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25 May 2017

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How true Chris, how true.

But like I always say, nobody will ever take their wealth to the grave. All flesh, well fed or poorly fed, rots.

The comments attributed to a group of un-named PNG CEO's seem to me to be disconnected from the real world. Where I see grinding poverty, gross mismanagement of public wealth and rampant corruption, apparently they see opportunity.

It is as if they are living in an alternate universe from the rest of us which, of course, they are.

Being CEO of a major private corporation, wherever it may be located, brings with it a privileged lifestyle that so many business leaders now accept as their natural due. After all, without their genius as a leader, how would the corporation survive and thrive?

From the Olympian heights of their palatial offices, they can clearly see the world in a way that the rest of us cannot. This enables a clarity of vision denied the mere toilers seen moving ant like in the far distance.

These CEO's and their lieutenants, mostly men it must be said, understand how to move the levers of corporate power to achieve what their boards and shareholders demand, which is uncommonly large profits. In particular, they know the power of money and its capacity to secure the things the corporation needs to flourish.

In a desperately poor country like PNG, money doesn't just talk, it positively shrieks. There are hardly any who can or will resist its siren call.

A little money often brings freedom from want while a huge amount of money confers something many crave, being power and influence.

Truly, for many people, money is an irresistible drug: too much is never enough. They will sacrifice their self respect, integrity and reputations just to acquire money and the power (albeit frequently illusory) that goes with it.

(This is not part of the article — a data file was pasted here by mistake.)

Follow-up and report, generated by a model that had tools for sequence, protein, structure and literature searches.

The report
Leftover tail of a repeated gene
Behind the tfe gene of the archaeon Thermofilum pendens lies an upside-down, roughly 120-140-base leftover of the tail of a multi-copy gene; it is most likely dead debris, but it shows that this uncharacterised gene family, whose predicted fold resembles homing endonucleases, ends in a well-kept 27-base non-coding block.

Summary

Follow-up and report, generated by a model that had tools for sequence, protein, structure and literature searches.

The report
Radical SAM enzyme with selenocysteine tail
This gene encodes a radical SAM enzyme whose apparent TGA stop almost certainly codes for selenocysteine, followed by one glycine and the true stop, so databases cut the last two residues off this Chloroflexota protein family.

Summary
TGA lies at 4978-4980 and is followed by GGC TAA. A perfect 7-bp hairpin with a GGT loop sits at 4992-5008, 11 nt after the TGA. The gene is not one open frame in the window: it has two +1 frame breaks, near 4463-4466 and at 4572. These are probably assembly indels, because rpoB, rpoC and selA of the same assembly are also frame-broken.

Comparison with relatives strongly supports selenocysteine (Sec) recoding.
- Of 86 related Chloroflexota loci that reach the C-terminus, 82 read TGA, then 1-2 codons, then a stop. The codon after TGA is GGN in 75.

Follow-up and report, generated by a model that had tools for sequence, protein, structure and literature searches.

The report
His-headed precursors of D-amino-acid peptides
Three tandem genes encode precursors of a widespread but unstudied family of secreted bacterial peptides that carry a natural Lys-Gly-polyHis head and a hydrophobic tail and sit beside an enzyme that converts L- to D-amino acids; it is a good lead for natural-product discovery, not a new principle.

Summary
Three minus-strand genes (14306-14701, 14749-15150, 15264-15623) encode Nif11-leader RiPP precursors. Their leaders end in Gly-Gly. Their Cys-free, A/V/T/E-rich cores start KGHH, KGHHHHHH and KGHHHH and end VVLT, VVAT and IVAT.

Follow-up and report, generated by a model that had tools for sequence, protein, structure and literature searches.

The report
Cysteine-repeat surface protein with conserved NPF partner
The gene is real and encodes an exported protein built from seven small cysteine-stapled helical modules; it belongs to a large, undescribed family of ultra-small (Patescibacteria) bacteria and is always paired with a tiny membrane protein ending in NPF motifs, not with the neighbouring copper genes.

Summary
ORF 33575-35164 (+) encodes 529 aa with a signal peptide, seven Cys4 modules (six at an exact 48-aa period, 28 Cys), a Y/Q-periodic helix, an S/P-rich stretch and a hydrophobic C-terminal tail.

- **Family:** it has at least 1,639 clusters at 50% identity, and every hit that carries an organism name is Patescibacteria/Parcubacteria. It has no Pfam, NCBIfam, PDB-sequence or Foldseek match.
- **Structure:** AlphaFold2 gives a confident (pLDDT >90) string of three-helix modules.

It seems to me that we have, in the last 30 years or so, unleashed a form of capitalism that Karl Marx would immediately recognise. It is greedy, exploitative, rapacious in the extreme and utterly indifferent to the social, economic and environmental damage it does in pursuit of wealth.

Sure, a lot of people have been raised out of poverty and this is a very good thing. But, at the same time, we have allowed the worst excesses of capitalism to take root and flourish. Hubris and irrational exuberance are now the rule, not the exception.

This is why this particular group of CEO's can be "cautiously optimistic" while most Papua New Guineans have little or no hope of seeing their circumstances do other than deteriorate further.

The corporate masters are above and beyond the daily struggle for survival. There is an implicit contempt for the "little people" embedded in their thinking, even though most of them are unaware of this.

After all, in our current version of casino capitalism the task of the little people is to consume and theirs is to reap the rewards.

Still, the CEOs may be right in their assessment. Even though my sense is that the capitalist Titanic is drawing ever nearer to a huge iceberg, the band plays on and the people travelling first class remain relaxed and comfortable.

Those of us in steerage, already below the waterline, are rather less so.

Translation: The prospects for plunder are looking up and the chances of claiming a bonus look good too.

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